If God wanted Belize to be a black and white photo, he would have called it Lower Manhattan.
If ever a country was born to serve up every smudge in the global color palette, it is Belize. Even during an overcast day, Belize pops with colors unlike any you will encounter elsewhere in the world. Clearly, a special light is cast over the country.
Especially here on Ambergris Caye.
So, what’s with all the black and white photography? Read the rest of this entry »
You know how you can be in a certain situation and all of a sudden, boom, a solution appears right at your fingertips? And sometimes, you are in a situation — and not even aware of it until the solution appears?
I’m talking, of course, about the recent New York Times Magazine “Tip” article, “How to Stand Still.”
The article interview John Eicke, a German whose resume lists his major skill as “living statue.”
I’m sure the NYT had no idea how relevant such an article would be to a guy who lives on a tropical island off the coast of Belize, especially now that the rainy season is almost over.
I too have been mistaken for a statue. Read the rest of this entry »
It sort of follows that once you build a first-class football field you should expect it to attract a classier level of football.
Well, that’s happening at Ambergris Stadium in San Pedro, Belize. The town-built field opened earlier this year and has been host to some fine games, none of which I’ve been able to get to until last week.
Ambergris Caye has its own Premier League team this year and as the new kid on the block, they’re doing alright. Until last Saturday, the San Pedro Pirates F.C. had gone undefeated in three home games. Playing on the road has shown the Pirates to be a more-vulnerable team. No wins away. Read the rest of this entry »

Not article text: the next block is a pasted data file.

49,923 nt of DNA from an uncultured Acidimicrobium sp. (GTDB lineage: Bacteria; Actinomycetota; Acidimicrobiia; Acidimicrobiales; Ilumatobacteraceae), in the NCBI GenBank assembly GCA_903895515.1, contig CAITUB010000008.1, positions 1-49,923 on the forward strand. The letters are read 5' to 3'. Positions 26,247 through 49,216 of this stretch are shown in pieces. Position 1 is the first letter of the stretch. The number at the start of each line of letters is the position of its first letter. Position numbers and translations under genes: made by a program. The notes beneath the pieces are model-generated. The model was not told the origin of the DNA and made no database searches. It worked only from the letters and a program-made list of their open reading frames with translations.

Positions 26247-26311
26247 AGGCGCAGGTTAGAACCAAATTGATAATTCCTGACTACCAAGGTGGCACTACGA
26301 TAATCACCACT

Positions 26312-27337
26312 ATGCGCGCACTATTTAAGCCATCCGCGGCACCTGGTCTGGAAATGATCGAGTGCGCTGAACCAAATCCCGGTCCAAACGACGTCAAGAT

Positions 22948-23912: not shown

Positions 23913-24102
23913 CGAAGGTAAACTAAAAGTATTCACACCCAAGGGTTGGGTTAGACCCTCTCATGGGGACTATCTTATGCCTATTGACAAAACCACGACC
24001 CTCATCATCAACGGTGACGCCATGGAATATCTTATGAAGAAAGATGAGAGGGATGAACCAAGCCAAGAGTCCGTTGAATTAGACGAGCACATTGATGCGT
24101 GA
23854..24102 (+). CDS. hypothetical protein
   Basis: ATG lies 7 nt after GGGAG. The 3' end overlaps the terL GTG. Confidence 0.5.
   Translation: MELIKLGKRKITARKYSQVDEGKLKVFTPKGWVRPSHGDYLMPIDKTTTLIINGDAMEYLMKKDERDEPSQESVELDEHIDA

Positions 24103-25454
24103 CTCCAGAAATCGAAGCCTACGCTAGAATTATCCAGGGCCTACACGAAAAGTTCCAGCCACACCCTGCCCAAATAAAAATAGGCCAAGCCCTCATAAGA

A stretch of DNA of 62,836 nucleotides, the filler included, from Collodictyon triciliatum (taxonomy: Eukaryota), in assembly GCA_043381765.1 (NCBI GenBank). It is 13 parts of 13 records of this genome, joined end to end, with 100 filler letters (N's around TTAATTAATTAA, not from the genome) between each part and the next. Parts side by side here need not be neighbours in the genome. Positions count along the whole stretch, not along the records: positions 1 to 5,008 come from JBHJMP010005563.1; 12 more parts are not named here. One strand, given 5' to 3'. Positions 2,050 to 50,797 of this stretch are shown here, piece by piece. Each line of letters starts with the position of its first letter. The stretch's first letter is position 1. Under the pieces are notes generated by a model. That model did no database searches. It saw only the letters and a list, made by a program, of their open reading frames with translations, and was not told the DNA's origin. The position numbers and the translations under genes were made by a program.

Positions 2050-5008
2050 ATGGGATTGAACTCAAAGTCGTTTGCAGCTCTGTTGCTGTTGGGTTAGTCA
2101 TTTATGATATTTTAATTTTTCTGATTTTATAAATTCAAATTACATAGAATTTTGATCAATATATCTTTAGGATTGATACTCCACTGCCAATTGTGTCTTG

The e-mail said, we have a few questions about living an expat life that we would like you to answer. And it shouldn’t take more than five minutes . . . that’s when I knew the e-mail was from an editor. No writing should take anyone more than five minutes to complete, according to every editor for which I’ve ever worked. That’s how editors think. That’s their job.
So, three hours later, this is what I came up with.
I’ve said it before, I like these questionnaires. They are lazy work for the person who sends them out, but they can prove enlightening for the person who must reach down inside and come up with some answers — about 24 of them in this case.
So, here’s the deal. I’ve been living on a tropical island for nearly four years now. It is probably about time I ask myself “Why?” Will I be here for the rest of my life? Am I slowly going insane from all the rampant beauty that surrounds me? Where can I find a cheap meal? Am I getting enough exercise? Am I drinking too much local rum? Does anyone out there know or care where I am? Hello? Hello? Knock, knock . . Read the rest of this entry »
Words that only a rookie would say before attending the Reno Great Balloon Race: “So, we’ll see you down there.”
This annual hot air balloon event is so big and sprawling, your chances of actually bumping into somebody are mighty slim.
Trust me on this.
My son Brendan said he and Cami and grandson Brody were going to the balloon launch site before the sun rose for the popular Sunday morning “Dawn Patrol” — scores of hot air balloons glowing fiercely and colorfully as they rise gently into the sky.
My response was, “So, we’ll see you down there.”